When Sandra Boham learned billionaire MacKenzie Scott planned to make an historic donation to Salish-Kootenai College, the SKC president broke down and cried.
“I didn’t know if it was the sweepstakes or Oprah. You just want to hug her,” said Boham, president of the tribal college on the Flathead Indian Reservation.
When Richard Littlebear heard Chief Dull Knife College would receive a $1 million gift, he grew suspicious.
“At first, I thought, ‘Wow, this must be a scam,” said Littlebear, president of the campus serving Northern Cheyenne Reservation students and others. “But she (Scott’s representative) assured me it wasn’t a scam.
“She said, ‘Go online and make sure.’ So I did.”
Now, the campuses serving mostly students who are Native American and have low incomes are making plans for the gifts, and basic items such as child care, housing, transportation, and faster internet speeds are top of mind.
Those two tribal colleges and the Blackfeet Community College received word late last year of the game-changing donations from Scott, a novelist, philanthropist and ex-wife of Amazon founder Jeff Bezos. Forbes estimated her wealth this week at $55.1 billion.
The money comes with no strings attached, which Littlebear said places a significant obligation on the campus to continue its good stewardship of grants.
“People think that that’s a really good deal, but actually, it puts a lot of responsibility on us to use it right,” Littlebear said.
One of the biggest needs at SKC is housing, Boham said. A rental for a one bedroom in the area is $800, she said, beyond the reach of the college’s 760 to 800 students and even some staff.
Every year, she said the cost is a problem for potential students: “We have about 300 that want to come to school here and cannot find housing in the local area. So they don’t come.”
SKC hasn’t been able to build housing because it’s not part of an incorporated city, so the water hookups aren’t available, Boham said. But all the hookups in the world wouldn’t change the college’s financial situation.
“We would not be able to afford a loan to build those homes,” Boham said. “It would be too much of a financial risk to our college. Now, we can look at those kinds of things.”
Transportation also is an issue, she said. The college offers 24 four-year degree programs, and it is launching next year its first master’s degree, in interdisciplinary natural resources.
In doing research on subjects such as huckleberries, the West Nile virus, or invasive shrimp, students pile into old vans to head to the Mission Mountains or Flathead Lake. Boham said SKC’s needs aren’t extravagant, but that doesn’t mean the college has money for them.
SKC hasn’t shared the amount of its gift, but Boham said it will do so in the future. In short, she said the donation will help with both immediate needs, such as new vans, and also with plans for the future.
“So what this gift from MacKenzie Scott is? It gave us an opportunity to take a really deep breath and look at what we need to do in the long run,” Boham said. “And it will allow us to leverage some of those resources in ways we’ve never been able to do before.”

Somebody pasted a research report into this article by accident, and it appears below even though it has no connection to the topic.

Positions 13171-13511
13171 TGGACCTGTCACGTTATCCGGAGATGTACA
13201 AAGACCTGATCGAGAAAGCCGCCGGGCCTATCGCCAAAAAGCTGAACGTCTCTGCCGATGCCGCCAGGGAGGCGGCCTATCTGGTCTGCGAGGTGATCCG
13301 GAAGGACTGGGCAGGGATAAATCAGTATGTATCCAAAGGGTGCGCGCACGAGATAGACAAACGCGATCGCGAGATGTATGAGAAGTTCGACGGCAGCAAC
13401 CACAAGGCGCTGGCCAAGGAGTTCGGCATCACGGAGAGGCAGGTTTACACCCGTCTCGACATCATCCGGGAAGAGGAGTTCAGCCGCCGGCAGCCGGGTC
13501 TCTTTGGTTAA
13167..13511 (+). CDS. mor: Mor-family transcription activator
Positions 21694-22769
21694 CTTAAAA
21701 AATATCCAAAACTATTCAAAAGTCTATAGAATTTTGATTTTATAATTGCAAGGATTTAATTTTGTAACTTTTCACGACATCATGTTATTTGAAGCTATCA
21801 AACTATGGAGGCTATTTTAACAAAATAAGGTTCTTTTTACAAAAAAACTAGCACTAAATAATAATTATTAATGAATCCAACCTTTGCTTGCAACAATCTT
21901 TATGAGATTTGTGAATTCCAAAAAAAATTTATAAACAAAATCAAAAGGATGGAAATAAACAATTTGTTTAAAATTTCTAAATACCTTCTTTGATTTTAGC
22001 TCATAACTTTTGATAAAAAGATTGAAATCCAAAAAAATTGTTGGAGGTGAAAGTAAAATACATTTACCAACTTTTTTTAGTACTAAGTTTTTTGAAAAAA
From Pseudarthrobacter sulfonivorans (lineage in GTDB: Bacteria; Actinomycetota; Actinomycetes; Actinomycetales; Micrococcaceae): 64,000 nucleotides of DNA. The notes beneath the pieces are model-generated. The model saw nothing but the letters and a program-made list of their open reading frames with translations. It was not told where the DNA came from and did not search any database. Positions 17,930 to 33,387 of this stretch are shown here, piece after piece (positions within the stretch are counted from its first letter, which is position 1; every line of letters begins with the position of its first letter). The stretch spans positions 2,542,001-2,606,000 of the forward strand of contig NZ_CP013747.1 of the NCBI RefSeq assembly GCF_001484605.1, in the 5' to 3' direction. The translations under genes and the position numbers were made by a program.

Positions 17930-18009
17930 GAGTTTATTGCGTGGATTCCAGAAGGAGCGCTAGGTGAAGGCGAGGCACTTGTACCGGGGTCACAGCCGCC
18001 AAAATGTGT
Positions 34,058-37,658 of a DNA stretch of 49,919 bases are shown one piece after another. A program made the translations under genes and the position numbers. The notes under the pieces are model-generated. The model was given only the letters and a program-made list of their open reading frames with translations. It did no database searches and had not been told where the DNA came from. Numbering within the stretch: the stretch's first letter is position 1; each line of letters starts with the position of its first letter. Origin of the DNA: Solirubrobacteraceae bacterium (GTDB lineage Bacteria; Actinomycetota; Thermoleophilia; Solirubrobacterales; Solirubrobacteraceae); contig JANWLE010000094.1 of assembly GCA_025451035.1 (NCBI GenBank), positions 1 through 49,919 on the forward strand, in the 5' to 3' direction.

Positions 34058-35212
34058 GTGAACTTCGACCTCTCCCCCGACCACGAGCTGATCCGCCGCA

At Chief Dull Knife since 1996 and president since 1999, Littlebear said the college has transportation needs as well, along with a need for better internet connectivity. In the fall, COVID-19 spiked in the area, and he said the campus remained closed for the semester.
“We weren’t prepared to give optimal service for virtual instruction,” Littlebear said. “So we’re going to start up again Jan. 25 with face to face (learning). But now if we have to, we’ll be able to use our latest technology for shifting to virtual instruction.”
He said he’ll know more about the direction the campus serving some 300 students wants to go later this month when the board meets.
Like SKC, Chief Dull Knife has kept tuition at the level of a Pell grant; any higher, and students wouldn’t be able to afford to attend, both presidents said.
Over the phone, Littlebear asked Scott’s assistant the criteria for getting the financial award, and he was told the college was selected because “you were doing a good job.”
“I took that as her saying the college is doing a good job,” Littlebear said. “There are a lot of people working here at the college (60 to 80), and they do a good job. They’re dedicated to the students.”
The president of Blackfeet Community College couldn’t be reached this week, but Karla Bird earlier characterized the gift for the Missoulian: “It was really unbelievable and still is.”
In a Medium blog post last month, Scott counted nearly $4.16 billion given to 384 organizations. She said her team evaluated 6,490 organizations and conducted deeper research into 822 before making funding decisions.
“These 384 carefully selected teams have dedicated their lives to helping others, working and volunteering and serving real people face-to-face at bedsides and tables, in prisons and courtrooms and classrooms, on streets and hospital wards and hotlines and frontlines of all types and sizes, day after day after day,” Scott said.
Boham said it’s difficult to comprehend the scope of the effect Scott’s donation will have: “I know she’s civic-minded, but I don’t know if she realizes the deep impact this is going to have for our students and our college and our community for a long time.”